A moment of reckoning for AUKUS and Australia

Source– The post is based on the article “A moment of reckoning for AUKUS and Australia” published in The Hindu on 10th March 2023.

Syllabus: GS3- International relations

Relevance– Important development impacting the geopolitics around world

News– An announcement about an “optimal pathway” for AUKUS is on the horizon. It has implications for Australia’s plans to operate a fleet of nuclear powered submarines within the next decade.

What are options before the UK?

The first is for the U.S. to build nuclear powered attack submarines for Australia. But many U.S. policymakers seem sceptical about this option.

The US is also facing problems with nuclear submarine construction. So, the possibility of the U.S. building SSNs for Australia appears rather remote.

The second option is for the U.K. to expand its Astute­ class programme to Australia. But it is not without challenges.

The U.K. is constructing its Dreadnought Class ballistic missile submarine programme while designing the Astute­class replacement in a sequential build process.

Even if Australia acquired an Astute­class submarine, integrating the onboard combat system would be difficult due to differences between the current Australian and American fleets.

The third and perhaps most likely option is a trilateral effort to develop a new nuclear submarine design.

Canberra could announce a modified version of the yet to be launched U.S. Next ­Generation Attack Submarine or U.K. Submersible Ship Nuclear Replacement programmes, or even a completely new AUKUS­ class design to be acquired by all three Countries.

What are the challenges before Australia in getting SSBNs from the UK and US?

Australia must find ways to get around U.S. export controls. U.S.’s stringent export control and protocol regime could jeopardise the technology transfer agreement.

To operationalise the pact, the only way forward is to reform the U.S. export control regime by creating a “carve­out” of the International Traffic in Arms Regulations (ITAR). This is not easy.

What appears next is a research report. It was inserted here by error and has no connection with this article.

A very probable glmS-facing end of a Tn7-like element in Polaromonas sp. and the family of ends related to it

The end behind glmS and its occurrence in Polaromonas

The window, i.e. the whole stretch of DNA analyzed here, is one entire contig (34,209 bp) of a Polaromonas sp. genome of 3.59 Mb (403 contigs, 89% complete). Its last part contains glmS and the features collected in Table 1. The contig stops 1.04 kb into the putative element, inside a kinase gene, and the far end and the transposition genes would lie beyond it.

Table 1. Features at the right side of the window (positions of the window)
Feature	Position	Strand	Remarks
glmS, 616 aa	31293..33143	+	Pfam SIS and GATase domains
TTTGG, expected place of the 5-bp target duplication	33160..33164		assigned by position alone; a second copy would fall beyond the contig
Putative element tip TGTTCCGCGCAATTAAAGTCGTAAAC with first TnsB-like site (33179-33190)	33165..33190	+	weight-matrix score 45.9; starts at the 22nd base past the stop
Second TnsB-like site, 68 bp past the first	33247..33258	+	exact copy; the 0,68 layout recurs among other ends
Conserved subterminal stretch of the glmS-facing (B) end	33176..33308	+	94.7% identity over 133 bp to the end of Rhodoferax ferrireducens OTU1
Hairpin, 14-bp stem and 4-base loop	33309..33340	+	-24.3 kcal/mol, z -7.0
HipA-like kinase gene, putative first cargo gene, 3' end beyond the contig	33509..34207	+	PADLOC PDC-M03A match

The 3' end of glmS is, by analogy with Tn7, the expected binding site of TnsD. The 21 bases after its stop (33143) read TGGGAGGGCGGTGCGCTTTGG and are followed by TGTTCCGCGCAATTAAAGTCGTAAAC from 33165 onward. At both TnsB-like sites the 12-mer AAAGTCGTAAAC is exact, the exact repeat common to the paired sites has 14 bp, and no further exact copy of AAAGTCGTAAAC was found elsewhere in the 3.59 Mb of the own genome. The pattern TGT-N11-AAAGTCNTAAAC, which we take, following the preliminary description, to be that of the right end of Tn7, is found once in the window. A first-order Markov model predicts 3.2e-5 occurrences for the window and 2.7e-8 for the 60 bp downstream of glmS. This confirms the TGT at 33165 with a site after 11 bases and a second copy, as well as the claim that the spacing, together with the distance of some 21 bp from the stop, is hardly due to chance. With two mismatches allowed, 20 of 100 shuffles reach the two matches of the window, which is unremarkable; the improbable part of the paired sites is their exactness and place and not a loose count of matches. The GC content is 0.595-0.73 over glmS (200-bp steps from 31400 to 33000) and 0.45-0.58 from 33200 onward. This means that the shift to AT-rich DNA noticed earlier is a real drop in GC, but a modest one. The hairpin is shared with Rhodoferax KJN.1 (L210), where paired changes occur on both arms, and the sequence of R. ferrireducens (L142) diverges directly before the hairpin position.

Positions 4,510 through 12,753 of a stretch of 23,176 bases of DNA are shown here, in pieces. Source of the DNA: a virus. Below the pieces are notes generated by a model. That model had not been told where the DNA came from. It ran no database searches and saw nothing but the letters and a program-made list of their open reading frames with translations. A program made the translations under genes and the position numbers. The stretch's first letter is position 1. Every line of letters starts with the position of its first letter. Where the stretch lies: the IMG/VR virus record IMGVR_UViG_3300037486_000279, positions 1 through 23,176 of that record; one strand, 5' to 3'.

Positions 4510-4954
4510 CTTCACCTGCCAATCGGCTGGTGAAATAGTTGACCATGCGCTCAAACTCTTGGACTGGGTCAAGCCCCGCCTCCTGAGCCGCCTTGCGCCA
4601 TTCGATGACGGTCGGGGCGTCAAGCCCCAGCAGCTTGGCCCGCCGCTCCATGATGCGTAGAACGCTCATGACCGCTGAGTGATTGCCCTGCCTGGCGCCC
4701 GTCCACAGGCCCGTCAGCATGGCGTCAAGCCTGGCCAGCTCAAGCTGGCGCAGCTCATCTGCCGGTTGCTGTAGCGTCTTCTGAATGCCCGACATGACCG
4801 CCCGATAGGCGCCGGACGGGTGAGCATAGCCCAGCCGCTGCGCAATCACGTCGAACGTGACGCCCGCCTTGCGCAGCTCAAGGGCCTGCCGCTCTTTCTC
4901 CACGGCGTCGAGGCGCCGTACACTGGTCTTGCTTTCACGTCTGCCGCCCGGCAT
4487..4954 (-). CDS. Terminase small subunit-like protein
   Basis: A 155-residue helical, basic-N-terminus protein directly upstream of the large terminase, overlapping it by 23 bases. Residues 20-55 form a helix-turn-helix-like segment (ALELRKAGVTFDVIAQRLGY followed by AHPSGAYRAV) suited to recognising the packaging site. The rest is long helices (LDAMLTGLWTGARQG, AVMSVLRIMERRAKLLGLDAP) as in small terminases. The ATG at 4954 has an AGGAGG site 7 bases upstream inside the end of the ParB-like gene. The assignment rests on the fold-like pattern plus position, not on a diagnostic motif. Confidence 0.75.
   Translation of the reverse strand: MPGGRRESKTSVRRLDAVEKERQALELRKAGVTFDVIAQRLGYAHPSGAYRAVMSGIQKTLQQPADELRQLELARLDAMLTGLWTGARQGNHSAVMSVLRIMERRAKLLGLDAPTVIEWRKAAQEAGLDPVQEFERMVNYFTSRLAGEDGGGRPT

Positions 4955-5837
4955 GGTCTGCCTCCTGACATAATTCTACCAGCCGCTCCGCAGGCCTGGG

Many of its regional partners oppose the Royal Australian Navy operating nuclear attack submarines. Some, such as Indonesia, have been open about their reservations.

Others, such as India, despite being politically supportive of AUKUS, appear conflicted about the prospect of these submarines operating in the regional littorals.

How developments related to AUKUS have implications for?

Even with its closest allies, the U.S. is facing difficulties in transferring technology. It is not that Washington does not want to help a partner. But the U.S. export control system is so rigid. Acquiring critical technology from the U.S. remains a daunting task.

The other lesson is that nuclear technology is difficult under the international system. For Australia to operate nuclear powered submarines, it will have to exploit a loophole.

The loophole allows non­nuclear weapon countries to withdraw the fissile material required for submarine reactors from the IAEA Monitored stockpile.

The removal could set a dangerous precedent by allowing potential proliferators to use naval reactors as a cover for future nuclear weapons development.

Acquiring nuclear propulsion technology is likely to be also complicated for India. It is not a party to the Non­ Proliferation Treaty.

The complexities involved in the transfer of technology for HEU fueled reactors in nuclear attack submarines from the U.S. and U.K. leave India with only one practical option. It is buying a high-power reactor from France.

The miniaturised low enriched uranium (LEU) reactor core for SSNs is a workable alternative. But, it has its own limitations in terms of Indian dependence on France for reactor fuel and the need for periodic refuelling.

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